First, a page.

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1. You're dealing with a serious illness

If you are dealing with a serious illness, particularly one that is terminal, it makes no sense to keep your retirement plan intact for “someday.” Your someday is now, as in now is when you need funds.

The IRS does actually provide some relief in this regard, not from paying income taxes on the money withdrawn but by waiving the 10% penalty. If you're under the age of 65, the IRS will waive the penalty if the money is used to pay for medical expenses that exceed 10% of your adjusted gross income (AGI). This is not a hard threshold to get past, particularly with a combination of higher medical expenses and reduced income as a result of the illness.

This exemption applies to funds withdrawn from both a 401(k) plan or an IRA. The IRS also provides exemption from the 10% penalty in the event you are facing total and permanent disability. The penalty will be waived for funds withdrawn from either an IRA or a 401(k) plan.

2. You're facing financial oblivion

Though retirement funds are supposed to be dedicated specifically to your retirement years, they should be considered fair game if you’re facing substantial financial difficulties before retirement age. There’s no point in saving money for retirement if you are unable to pay for basic living expenses right now.

Such a difficult financial situation could occur for a variety of reasons, including a business failure or a prolonged period of unemployment.

If the financial distress is caused by a significant disruption in income, it’s entirely possible that the retirement plan withdrawals will be subject to little or no income tax, due to your low or nonexistent income. Unfortunately, the 10% penalty for early withdrawals will apply regardless of your income level.

If you have to take money out of retirement plans due to economic distress, make sure the plan trustee withholds at least 10% of the distribution, that way you’ll have the penalty covered when it comes time to file your income taxes.

It’s also worth noting that the IRS will exempt you from the payment of 10% early withdrawal penalty if IRA funds are used to pay for health insurance premiums while you are unemployed. However this exemption applies to IRAs only, and not 401(k) plans.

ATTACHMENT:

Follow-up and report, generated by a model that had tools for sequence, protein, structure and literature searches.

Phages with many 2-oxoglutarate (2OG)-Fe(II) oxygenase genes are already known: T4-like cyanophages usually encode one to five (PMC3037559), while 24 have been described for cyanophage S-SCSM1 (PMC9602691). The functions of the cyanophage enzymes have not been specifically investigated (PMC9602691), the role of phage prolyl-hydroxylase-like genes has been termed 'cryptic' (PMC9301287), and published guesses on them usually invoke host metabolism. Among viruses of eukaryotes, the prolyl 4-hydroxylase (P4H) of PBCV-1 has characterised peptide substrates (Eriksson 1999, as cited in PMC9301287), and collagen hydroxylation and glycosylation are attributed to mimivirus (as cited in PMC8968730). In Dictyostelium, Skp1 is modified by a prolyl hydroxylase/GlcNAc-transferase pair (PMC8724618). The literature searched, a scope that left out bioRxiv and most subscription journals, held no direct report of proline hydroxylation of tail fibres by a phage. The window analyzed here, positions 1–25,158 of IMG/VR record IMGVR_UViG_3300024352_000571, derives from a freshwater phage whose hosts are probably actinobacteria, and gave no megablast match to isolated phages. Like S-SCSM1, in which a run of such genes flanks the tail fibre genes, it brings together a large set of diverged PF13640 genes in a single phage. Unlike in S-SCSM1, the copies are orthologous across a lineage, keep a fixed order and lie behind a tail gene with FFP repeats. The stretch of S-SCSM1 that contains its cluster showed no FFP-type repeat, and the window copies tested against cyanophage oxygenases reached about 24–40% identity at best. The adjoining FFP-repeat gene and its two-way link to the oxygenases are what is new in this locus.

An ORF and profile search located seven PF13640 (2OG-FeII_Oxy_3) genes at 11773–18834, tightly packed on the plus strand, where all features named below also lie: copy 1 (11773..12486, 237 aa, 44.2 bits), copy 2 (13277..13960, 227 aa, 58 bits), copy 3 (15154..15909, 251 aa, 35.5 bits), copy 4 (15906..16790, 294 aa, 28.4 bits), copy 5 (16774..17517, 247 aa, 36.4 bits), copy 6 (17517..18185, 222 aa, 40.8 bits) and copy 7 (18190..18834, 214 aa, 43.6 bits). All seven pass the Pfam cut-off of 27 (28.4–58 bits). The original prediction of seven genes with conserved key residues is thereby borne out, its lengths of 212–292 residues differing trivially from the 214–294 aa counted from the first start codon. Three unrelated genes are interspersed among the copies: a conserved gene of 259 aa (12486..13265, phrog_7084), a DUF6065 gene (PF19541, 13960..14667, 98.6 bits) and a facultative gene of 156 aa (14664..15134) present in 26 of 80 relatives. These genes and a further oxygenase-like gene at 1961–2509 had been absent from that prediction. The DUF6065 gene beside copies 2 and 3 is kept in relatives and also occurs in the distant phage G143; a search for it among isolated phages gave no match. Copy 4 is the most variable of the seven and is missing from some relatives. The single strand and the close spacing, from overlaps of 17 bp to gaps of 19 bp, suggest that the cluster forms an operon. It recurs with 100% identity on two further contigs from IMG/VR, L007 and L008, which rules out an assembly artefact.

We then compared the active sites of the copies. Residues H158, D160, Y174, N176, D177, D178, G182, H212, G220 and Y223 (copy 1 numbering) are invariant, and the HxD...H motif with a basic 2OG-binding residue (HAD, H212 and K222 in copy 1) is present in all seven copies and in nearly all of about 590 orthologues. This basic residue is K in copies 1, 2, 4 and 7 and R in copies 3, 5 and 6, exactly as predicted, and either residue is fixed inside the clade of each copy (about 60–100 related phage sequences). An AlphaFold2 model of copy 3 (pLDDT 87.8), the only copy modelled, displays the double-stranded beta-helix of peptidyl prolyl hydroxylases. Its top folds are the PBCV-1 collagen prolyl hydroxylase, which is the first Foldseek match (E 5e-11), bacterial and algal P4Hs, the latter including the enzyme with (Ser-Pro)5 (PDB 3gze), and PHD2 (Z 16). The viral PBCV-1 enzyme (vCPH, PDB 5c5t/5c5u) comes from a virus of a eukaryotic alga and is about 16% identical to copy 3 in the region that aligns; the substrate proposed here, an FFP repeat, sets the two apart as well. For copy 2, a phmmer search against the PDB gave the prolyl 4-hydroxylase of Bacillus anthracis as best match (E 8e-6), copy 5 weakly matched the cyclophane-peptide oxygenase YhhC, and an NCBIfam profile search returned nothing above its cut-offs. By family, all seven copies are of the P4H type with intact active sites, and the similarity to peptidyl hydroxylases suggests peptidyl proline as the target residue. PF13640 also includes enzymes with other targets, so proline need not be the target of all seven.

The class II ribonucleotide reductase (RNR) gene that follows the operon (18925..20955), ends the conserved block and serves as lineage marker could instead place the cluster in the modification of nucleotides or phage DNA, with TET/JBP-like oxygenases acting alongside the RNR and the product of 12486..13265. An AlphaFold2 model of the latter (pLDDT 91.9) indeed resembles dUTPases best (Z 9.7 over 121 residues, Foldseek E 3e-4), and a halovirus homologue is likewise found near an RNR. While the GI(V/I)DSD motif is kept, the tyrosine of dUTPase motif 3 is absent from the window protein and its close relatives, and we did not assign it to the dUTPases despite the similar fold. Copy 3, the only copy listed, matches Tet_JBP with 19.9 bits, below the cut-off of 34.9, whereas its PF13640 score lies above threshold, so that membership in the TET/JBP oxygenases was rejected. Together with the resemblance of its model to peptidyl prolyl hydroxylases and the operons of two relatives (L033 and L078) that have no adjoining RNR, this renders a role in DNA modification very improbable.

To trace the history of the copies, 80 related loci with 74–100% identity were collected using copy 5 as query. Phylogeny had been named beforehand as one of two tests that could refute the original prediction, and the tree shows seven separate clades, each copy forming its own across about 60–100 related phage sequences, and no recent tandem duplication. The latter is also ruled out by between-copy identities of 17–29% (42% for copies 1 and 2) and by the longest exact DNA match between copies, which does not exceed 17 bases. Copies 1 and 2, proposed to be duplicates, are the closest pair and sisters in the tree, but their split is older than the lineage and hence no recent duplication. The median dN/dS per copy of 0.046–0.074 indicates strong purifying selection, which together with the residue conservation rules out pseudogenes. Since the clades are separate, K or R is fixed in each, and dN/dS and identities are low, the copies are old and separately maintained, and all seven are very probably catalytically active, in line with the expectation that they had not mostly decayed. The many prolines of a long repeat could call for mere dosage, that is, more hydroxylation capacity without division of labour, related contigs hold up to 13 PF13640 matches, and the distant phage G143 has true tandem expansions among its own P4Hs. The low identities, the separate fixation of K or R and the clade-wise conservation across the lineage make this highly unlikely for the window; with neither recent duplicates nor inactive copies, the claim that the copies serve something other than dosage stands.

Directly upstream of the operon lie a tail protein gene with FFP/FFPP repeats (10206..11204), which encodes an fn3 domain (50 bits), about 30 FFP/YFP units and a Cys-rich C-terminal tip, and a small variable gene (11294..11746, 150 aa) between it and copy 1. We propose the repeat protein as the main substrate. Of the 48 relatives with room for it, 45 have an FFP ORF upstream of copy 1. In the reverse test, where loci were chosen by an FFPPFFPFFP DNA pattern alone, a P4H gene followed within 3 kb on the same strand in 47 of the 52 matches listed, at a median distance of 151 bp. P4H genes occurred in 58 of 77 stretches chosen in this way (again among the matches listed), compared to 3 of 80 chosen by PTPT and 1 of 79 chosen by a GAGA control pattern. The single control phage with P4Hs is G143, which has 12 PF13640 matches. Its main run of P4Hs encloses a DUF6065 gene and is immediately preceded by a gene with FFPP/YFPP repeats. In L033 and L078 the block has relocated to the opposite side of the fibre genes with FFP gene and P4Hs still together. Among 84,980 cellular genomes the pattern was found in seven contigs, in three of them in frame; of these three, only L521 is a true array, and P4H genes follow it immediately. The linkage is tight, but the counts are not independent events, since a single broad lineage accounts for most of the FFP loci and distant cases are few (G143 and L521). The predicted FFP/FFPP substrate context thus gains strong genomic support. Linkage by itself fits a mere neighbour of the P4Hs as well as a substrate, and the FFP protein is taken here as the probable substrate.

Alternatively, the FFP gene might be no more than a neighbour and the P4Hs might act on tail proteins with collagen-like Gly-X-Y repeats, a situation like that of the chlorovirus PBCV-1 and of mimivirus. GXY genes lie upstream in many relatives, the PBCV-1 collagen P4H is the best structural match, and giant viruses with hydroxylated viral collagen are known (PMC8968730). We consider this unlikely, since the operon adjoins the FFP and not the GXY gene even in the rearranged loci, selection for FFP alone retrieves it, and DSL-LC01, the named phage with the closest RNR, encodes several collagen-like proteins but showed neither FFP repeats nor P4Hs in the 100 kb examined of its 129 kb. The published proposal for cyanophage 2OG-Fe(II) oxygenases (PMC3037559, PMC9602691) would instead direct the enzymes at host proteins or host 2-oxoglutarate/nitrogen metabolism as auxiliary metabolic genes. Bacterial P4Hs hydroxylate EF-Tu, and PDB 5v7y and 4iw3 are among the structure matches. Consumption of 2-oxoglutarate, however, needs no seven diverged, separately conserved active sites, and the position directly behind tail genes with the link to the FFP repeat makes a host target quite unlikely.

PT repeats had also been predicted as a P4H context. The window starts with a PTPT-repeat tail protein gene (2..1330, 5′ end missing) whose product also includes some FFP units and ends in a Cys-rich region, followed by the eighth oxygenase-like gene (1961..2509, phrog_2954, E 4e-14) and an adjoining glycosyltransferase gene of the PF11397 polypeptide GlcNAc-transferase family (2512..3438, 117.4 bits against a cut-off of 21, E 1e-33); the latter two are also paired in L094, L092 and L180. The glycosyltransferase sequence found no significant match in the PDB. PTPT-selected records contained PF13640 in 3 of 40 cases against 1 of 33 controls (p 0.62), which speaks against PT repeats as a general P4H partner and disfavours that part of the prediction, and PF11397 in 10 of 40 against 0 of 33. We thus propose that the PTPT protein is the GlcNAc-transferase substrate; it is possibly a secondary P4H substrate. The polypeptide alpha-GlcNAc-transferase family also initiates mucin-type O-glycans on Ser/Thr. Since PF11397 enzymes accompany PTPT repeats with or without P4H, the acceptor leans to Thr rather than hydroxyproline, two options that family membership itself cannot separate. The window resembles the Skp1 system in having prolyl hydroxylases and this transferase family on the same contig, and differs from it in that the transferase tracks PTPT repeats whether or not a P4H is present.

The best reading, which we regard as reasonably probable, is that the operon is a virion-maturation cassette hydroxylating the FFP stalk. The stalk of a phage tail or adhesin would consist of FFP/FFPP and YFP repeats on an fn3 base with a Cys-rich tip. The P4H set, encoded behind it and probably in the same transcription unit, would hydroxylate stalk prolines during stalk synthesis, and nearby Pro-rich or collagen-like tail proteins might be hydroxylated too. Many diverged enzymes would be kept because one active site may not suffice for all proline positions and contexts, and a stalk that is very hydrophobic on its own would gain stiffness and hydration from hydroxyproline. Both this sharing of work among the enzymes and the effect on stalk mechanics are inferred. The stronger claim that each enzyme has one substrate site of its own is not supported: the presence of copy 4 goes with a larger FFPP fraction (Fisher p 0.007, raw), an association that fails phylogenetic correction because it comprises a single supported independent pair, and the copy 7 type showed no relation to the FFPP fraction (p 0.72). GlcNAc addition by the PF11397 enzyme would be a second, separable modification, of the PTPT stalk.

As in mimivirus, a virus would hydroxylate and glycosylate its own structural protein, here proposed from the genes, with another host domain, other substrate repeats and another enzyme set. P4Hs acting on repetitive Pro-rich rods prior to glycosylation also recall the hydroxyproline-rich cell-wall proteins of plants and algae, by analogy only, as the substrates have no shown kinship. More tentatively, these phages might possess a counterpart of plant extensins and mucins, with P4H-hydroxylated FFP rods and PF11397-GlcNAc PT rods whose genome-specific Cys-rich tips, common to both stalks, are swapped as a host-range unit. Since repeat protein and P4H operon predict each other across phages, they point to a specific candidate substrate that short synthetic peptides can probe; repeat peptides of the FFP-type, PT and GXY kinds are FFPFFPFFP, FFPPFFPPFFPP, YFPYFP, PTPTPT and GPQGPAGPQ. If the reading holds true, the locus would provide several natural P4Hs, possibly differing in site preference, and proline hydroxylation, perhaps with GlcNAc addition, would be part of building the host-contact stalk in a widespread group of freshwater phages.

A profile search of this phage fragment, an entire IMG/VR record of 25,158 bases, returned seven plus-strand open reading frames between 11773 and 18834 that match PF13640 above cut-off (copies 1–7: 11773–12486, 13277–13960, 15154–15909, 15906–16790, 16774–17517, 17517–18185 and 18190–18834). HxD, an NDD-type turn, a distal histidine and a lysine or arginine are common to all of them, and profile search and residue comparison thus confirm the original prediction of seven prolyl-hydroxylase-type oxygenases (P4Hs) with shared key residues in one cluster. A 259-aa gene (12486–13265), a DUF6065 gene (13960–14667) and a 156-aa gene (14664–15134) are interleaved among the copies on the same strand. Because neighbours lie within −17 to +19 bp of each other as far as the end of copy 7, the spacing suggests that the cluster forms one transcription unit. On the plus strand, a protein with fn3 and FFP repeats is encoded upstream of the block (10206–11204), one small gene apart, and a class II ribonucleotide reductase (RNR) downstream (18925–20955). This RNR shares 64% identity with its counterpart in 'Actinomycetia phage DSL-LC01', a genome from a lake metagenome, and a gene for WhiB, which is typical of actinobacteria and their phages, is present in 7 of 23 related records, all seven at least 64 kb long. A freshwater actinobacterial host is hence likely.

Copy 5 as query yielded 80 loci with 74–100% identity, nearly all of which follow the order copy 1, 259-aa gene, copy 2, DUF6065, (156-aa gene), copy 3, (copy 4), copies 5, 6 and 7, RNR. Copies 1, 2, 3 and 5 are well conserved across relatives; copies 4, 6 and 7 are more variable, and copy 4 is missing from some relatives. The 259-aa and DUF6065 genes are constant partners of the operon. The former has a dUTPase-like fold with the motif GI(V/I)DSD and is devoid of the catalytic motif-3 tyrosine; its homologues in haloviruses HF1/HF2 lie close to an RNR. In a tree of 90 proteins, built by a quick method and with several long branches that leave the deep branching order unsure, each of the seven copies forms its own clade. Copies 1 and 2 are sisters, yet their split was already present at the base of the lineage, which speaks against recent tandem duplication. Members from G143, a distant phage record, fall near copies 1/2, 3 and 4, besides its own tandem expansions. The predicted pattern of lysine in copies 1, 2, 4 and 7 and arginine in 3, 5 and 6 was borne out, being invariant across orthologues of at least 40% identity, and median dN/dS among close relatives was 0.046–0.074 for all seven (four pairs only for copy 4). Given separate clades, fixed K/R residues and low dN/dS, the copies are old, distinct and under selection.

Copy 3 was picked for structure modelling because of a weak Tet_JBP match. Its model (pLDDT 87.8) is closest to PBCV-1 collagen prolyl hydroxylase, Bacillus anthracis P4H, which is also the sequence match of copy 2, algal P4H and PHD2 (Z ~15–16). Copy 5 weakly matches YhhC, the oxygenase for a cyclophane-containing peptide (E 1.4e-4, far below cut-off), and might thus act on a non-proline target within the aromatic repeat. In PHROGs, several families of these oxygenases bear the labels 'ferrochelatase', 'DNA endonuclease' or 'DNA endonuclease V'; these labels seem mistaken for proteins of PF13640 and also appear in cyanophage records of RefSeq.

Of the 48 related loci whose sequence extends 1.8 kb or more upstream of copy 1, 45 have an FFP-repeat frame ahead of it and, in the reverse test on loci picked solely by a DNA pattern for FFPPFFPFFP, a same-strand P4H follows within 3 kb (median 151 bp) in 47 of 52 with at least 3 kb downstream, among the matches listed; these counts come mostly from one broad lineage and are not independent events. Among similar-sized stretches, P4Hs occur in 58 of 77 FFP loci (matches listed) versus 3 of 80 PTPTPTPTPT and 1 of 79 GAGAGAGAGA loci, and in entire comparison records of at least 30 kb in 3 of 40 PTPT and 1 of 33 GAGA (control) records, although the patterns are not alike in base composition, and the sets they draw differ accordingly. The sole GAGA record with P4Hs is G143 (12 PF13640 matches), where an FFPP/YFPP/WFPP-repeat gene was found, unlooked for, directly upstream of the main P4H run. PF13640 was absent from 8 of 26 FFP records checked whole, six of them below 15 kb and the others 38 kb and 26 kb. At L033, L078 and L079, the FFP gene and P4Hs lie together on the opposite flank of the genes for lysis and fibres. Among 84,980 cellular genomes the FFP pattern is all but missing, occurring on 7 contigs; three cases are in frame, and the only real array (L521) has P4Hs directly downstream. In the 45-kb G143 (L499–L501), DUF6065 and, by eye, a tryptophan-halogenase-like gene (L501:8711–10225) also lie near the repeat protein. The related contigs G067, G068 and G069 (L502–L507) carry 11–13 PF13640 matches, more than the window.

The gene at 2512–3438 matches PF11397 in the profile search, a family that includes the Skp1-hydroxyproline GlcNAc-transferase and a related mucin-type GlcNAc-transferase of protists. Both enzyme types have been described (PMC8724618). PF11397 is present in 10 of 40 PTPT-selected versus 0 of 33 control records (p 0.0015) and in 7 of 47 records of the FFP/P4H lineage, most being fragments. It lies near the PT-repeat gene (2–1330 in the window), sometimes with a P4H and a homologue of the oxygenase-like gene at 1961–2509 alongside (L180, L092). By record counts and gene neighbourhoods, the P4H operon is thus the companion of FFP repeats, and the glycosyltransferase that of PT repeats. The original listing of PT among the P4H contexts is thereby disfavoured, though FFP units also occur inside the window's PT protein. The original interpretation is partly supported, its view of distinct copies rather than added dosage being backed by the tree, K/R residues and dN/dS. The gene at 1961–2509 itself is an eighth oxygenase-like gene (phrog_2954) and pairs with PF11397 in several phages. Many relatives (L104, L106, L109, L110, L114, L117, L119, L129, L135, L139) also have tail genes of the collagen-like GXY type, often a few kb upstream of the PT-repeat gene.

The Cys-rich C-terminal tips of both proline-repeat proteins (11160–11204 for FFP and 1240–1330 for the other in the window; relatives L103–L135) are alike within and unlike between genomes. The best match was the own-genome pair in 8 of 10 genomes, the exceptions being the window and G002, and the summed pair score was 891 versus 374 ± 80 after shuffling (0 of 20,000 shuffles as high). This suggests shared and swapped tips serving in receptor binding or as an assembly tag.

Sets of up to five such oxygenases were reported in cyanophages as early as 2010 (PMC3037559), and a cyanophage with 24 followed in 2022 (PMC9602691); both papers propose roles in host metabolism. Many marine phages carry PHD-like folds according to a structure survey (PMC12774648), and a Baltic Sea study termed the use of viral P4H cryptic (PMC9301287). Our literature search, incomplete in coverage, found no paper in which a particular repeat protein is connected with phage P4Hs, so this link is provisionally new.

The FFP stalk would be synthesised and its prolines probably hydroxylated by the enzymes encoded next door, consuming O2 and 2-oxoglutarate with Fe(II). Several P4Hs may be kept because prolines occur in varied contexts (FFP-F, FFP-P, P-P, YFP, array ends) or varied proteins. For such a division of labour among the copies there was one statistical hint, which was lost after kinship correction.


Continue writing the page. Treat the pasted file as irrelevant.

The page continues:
3. You can avoid the 10% early withdrawal penalty

There are also situations where you can take funds from your retirement plan prior to age 59 ½, and still be exempt from paying the 10% early withdrawal penalty. This may be a consideration if your income tax bracket is lower now than it was at the time you made your retirement contributions.

Withdrawal of contributions from a Roth IRA. You can withdraw the amount of funds you contributed to a Roth IRA at any time. Not only is there no 10% early withdrawal penalty on the distribution, but there’s no income tax liability either, since there was no tax deduction when the contributions were made. However, any amount withdrawn from funds constituting earnings on those contributions will be subject to both income tax and the penalty, any time the funds are withdrawn prior to turning 59 ½.

Substantially Equal Periodic Payments programs, or SEPPs. A SEPP program will allow you to withdraw funds from either an IRA or 401(k) before turning 59 ½, without having to pay the 10% early withdrawal penalty (though income taxes on the distributions will still apply). There are three different ways to calculate withdrawals under a SEPP:

  1. Required minimum distribution method,
  2. Amortization method, and
  3. Annuitization method

For more information on SEPP withdrawals, see Retirement Plans FAQs regarding Substantially Equal Periodic Payments on the IRS website.

Separation from Service by age 55 or older. If you are separated from employment for any reason — through retirement, employer termination, or voluntary quit — you can withdraw money from a 401(k) plan free from the 10% early withdrawal penalty, as long as you're age 55 or older. Once again, you will still have to pay income taxes on the amount withdrawn. Also, SEPPs don’t apply to IRAs since they aren’t employer-sponsored.

The caveat here is that the penalty exemption applies only to funds withdrawn from the employer plan sponsored by the employer at the time of your separation. Withdrawals from plans sponsored by previous employers are not eligible for the exemption.

This should make a strong case for rolling over any previous employer plans into your current employer plan if you are 55 or older.

While it's hardly ever a good idea to forfeit some of your hard-earned savings by paying an early withdrawal penalty or outrageous taxes on the funds, there are certain times when you could withdraw retirement funds early and it make sense.

Kevin Mercadante Freelance Contributor

Kevin Mercadante is professional personal finance blogger, and the owner of his own personal finance blog, OutOfYourRut.com.

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